SAN DIEGO -- Things are looking up for the San Diego Padres in three distinctly helpful ways.

1 -- Cy Young Award winner Jake Peavy, out for nearly a month with a right elbow strain, is back and healthy. On Thursday, he looked like Jake Peavy is supposed to look, pitching six shutout innings in a 9-0 victory over the Dodgers.

2 -- "Overall," manager Bud Black says, "We're playing better."

The record clearly supports that notion. After a truly discouraging 18-33 start, the Padres have won 12 of their last 17.

"We've pitched better the last three weeks," Black says. "The bullpen has stabilized itself, and we've had a little more timely hitting toward the end of games."

The manager notes that Greg Maddux and Randy Wolf have been particularly solid in the rotation, while the Padres have received valuable fill-in starts from Josh Banks and Cha Seung Baek. Pitching was supposed to be the strength of this club, and that could still be the case, with more starters returning to full health.

"Things will look even brighter when Chris Young is able to return," Black said. "Farther down the line when Shawn Estes comes back and throws the way he was throwing, we'll have some nice options. We've reshaped the pitching, obviously, since April, trying to find the right combinations. And hopefully, we're reaching the time of the season when we can look out and think: 'Hey, we'll have some stability.' "

3 -- Forces completely outside of the Padres' control have conspired to keep everybody alive in the National League West. How? No one in the division has played up to expectations. Well, perhaps the Giants have played up to expectations, but they began the season with truly minimal expectations.

Based on what happened last year -- a great race, both for the division title and the Wild Card berth -- the NL West looked like a potential powerhouse division for 2008. The Rockies had one of the great Septembers in history and won the Wild Card in dramatic fashion. The Diamondbacks won the West and had terrific young talent. The Padres' pitching was the envy of 29 other clubs. And the Dodgers were loaded with impressive young talent. What a race.

Instead, 10 weeks into the season, what you have is one club -- Arizona -- over .500, and that club has the worst record of any of the six division leaders. Expectations for the overall balance of this division have been met. Expectations for the overall excellence of this division have not even been approached.

"If it does turn out to be a tight race, that's what we expected," Black said. "But the records of the teams in this division are not what we expected. I'm sure if you asked everybody in our division, Arizona included, they probably think that they should be better. I don't think anybody could have anticipated the records in the division, based on the strength of the pitching in this division. But that's why you play the season."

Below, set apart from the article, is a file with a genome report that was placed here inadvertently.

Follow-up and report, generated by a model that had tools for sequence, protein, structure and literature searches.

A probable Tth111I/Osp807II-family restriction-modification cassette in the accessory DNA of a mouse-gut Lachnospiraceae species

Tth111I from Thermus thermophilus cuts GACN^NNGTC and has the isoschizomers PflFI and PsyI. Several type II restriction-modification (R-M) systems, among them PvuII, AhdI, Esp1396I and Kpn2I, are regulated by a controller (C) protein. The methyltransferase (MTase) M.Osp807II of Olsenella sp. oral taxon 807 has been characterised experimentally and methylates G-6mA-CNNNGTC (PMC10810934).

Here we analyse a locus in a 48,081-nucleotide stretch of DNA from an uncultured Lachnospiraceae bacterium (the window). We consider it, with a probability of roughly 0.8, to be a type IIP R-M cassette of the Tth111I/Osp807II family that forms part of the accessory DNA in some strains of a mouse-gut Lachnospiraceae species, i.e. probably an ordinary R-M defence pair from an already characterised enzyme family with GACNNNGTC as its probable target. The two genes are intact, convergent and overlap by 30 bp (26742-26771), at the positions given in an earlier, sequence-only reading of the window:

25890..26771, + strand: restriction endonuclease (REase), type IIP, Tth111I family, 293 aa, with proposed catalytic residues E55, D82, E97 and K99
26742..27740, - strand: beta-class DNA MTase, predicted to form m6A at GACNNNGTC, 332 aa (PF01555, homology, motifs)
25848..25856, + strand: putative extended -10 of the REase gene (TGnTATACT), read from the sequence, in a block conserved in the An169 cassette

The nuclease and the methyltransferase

So if the Padres had reason to be discouraged about their first seven weeks, they still find themselves only 6 1/2 games back, in third place, in a situation that doesn't meet their aspirations, but is a long way from hopeless.

"I hope it does turn into the same sort of race as last year, where you have a lot of teams," Black said. "The way it's going, it could be all five teams. I think the teams under .500 have to play better; they have to get to .500 first. There's still plenty of time to do that."

The D-backs, after a very hot start, have come back to the pack, although they still appear to be the strongest team in the division. The young Dodgers have struggled mightily to score adequately -- 21 times this season they have scored one run or less. The Rockies have had some serious regression among their pitchers and injuries have damaged their offense. The Giants have some very talented young pitchers, but they, too, do not score enough.

Going into Thursday, the Dodgers ranked 12th in the NL in runs scored, the Rockies 13th, the Giants 14th and the Padres 15th. At least the "pace of the game" issue is not a big deal here.

It all adds up to competitive balance, of a sort. In the case of the Padres, it adds up to opportunity.

The happiest developments for the Padres were still internal. Those four straight 2-1 victories last week testified to the renewed strength of their pitching. And on Thursday, the sight of their ace back on the mound pitching not only in good health but effectively and efficiently, represented a real lift.

Peavy typically downplayed his own role in this. "This was a good team win for the boys," he said. "The best thing that happened today was beating the Los Angeles Dodgers two out of three and keeping this thing rolling."

Asked what his best pitch was, Peavy responded: "I didn't have one." That may have been a reflection of his own high standards, although it could also mean renewed trouble for the opposition, if he's pitching six shutout innings without liking his stuff that much.

What was indisputable as the Padres left PETCO Park for a road trip was that with Jake Peavy back, with seven victories in their last eight games, with nobody in their division pulling away, the Padres had solid reasons to feel much better about themselves and their chances.